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With so much going on throughout the world these days, it’s hard not to be transfixed on the news. However, in between daily COVID-19 updates, analysis of the upcoming presidential election, and coverage of the nationwide protest movement, some significant reptile-based news has slipped in. And, most certainly, the new laws concerning reptile sales in Florida could certainly use an additional critique.

In March 2020, the Florida legislature passed a bill which would make it illegal to possess, import, trade, sell or breed both green iguanas and tegu lizards, both of which have been notable staples within the reptile trade for years. While similar bills failed to pass committee in 2019, 2018 and 2017, this bill was signed into law at the end of June by Florida Governor Ron DeSantis.

Florida has a long and difficult history within the reptile trade, as the warm, wet climate is quite favorable to many species of snakes and lizards. As such, animals that have escaped or have been (unwisely) released into the wild, can unfortunately thrive and breed, pushing native species out of their native habitats. Burmese pythons, particularly, are viewed as an invasive species by the Florida Fish and Wildlife Commission, but a special license has allowed inspected, heavily regulated facilities to conduct limited business with this and a few other reptiles species for over a decade. That successful program is also now banned under a separate condition of the new law and these businesses must close operations without compensation. The United States Association of Reptile Keepers (USARK) has railed against this unconstitutional governance.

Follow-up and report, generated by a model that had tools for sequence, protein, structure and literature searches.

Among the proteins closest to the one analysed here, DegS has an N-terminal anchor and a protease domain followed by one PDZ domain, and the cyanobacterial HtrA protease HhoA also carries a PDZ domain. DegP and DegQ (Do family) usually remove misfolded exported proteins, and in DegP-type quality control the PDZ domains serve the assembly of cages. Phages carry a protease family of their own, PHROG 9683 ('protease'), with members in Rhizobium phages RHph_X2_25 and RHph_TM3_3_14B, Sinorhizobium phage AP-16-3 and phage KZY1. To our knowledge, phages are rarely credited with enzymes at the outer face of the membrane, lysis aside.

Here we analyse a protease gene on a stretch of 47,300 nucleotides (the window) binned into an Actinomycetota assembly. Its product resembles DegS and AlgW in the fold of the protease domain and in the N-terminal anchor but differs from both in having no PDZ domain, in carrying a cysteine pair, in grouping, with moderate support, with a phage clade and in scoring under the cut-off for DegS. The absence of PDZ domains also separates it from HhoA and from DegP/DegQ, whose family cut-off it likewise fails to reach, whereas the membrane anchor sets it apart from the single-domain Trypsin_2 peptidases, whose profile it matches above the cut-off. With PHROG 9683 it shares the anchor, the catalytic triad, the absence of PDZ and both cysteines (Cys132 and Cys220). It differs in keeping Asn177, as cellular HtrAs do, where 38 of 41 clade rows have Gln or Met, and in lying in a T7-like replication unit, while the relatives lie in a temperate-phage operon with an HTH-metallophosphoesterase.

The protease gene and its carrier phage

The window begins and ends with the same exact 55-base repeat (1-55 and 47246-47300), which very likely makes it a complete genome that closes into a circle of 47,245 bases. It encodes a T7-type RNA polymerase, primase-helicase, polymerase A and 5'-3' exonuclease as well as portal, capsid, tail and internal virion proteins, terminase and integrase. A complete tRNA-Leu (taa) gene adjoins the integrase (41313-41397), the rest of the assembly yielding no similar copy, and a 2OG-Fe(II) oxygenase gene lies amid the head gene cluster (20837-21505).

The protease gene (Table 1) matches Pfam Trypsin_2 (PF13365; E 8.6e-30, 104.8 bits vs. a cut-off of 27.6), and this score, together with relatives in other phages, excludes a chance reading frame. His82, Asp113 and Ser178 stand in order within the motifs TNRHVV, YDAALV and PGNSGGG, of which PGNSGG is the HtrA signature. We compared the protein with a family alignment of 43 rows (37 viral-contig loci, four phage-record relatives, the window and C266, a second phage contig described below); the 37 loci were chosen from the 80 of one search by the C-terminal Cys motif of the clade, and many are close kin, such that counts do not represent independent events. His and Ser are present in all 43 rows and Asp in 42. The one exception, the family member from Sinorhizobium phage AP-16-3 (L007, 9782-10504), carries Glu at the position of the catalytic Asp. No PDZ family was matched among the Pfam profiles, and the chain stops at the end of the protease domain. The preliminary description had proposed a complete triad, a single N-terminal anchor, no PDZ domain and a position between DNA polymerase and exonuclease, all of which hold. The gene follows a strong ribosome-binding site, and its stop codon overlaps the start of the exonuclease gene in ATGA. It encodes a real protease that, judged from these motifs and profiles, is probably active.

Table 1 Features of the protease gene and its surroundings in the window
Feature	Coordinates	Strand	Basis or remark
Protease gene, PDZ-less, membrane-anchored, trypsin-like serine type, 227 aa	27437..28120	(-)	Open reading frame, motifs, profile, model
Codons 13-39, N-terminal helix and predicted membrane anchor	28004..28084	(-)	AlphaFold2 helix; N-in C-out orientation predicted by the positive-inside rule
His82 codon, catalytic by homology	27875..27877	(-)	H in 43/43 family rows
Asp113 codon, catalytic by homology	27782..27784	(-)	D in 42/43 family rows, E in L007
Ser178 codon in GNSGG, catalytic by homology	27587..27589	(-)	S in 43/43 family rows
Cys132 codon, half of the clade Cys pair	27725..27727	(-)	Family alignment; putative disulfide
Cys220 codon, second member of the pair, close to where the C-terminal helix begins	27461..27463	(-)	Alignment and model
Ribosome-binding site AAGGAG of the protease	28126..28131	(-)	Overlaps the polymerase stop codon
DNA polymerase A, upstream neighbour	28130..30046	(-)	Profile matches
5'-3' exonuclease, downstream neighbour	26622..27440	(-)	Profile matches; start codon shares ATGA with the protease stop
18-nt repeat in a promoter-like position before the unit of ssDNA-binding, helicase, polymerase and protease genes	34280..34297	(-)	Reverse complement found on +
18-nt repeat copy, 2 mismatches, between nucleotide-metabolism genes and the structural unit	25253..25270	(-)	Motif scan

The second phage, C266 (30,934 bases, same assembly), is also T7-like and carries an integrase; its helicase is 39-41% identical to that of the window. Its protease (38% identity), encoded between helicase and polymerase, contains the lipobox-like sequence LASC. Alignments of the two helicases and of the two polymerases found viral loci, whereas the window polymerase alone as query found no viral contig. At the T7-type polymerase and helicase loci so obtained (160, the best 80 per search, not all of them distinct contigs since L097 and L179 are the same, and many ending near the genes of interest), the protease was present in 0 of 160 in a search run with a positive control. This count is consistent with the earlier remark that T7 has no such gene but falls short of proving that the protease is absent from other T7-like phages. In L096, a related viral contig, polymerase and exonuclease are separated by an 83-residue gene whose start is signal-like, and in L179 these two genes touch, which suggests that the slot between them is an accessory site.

Unfortunately, this has had a detrimental affect on Floridian reptile retailers. In a February 2020 article in the Gainesvillle Sun, Underground Reptiles owner Rian Gittman estimated the loss to be so great that he would likely have to lay off upwards of two dozen employees, to say nothing of the possibility of criminal charges for his already extant stock of iguanas. While the passed legislation does grandfather in selected, previously-licensed reptile retailers, the economic impact of this bill is certainly detrimental to a still-burgeoning segment of the pet industry.

As pet retailers, we must continue to be diligent in advocating against these forms of legislations, as additional restrictions continue to push down the slippery slope of over-legislation. Even stores that do not stock tegus, iguanas, or pythons can see their businesses impacted by these laws, as they reshape the economic realities of reptile supply and demand. Stores that can no longer stock iguanas, for example, will likely move into other reptiles, increasing demand on those species, which breeders and suppliers are already struggling to provide.

However, further diligence must occur at the point of retailer-customer interaction. More than ever, it becomes imperative for pet retailers to ensure that a given reptile is the best possible fit for a given customer. Tegus, for instance, can grow to be particularly large—average size for these lizards is between three and four feet long, with some growing up to five feet long and weighing almost 40 pounds. While docile, their sheer size can make their future housing requirements, and the costs involved, difficult for those with limited budgets who live in small apartments.

The onus lies on us within the pet industry to match the best possible pet to the best possible customer. This means staying educated on the species you carry in stock. This means teaching your staff on how to speak to customers, how to intelligently question and provide animals of best fit to your customers. Fortunately, the tools and resources exist and are readily available via the PIJAC program Habitattitude.

In the end, as a pet retailer, you want a customer that will come back to your store time after time for their pet supplies. You want a customer with whom you can build a rapport, so that you can meet their needs while simultaneously serving as an expert, able to answer their questions accurately and intelligently. Yes, you may make an animal sale to a customer unable to provide the proper level of care or attention to their new reptile. But, in doing so, you set that customer up for disappointment, rather than love. And, in a worst case scenario, that leads directly to a former pet being left out in the wild, rather than kept in a loving home. Match the pet to the customer, and laws like those in Florida may never gain momentum.

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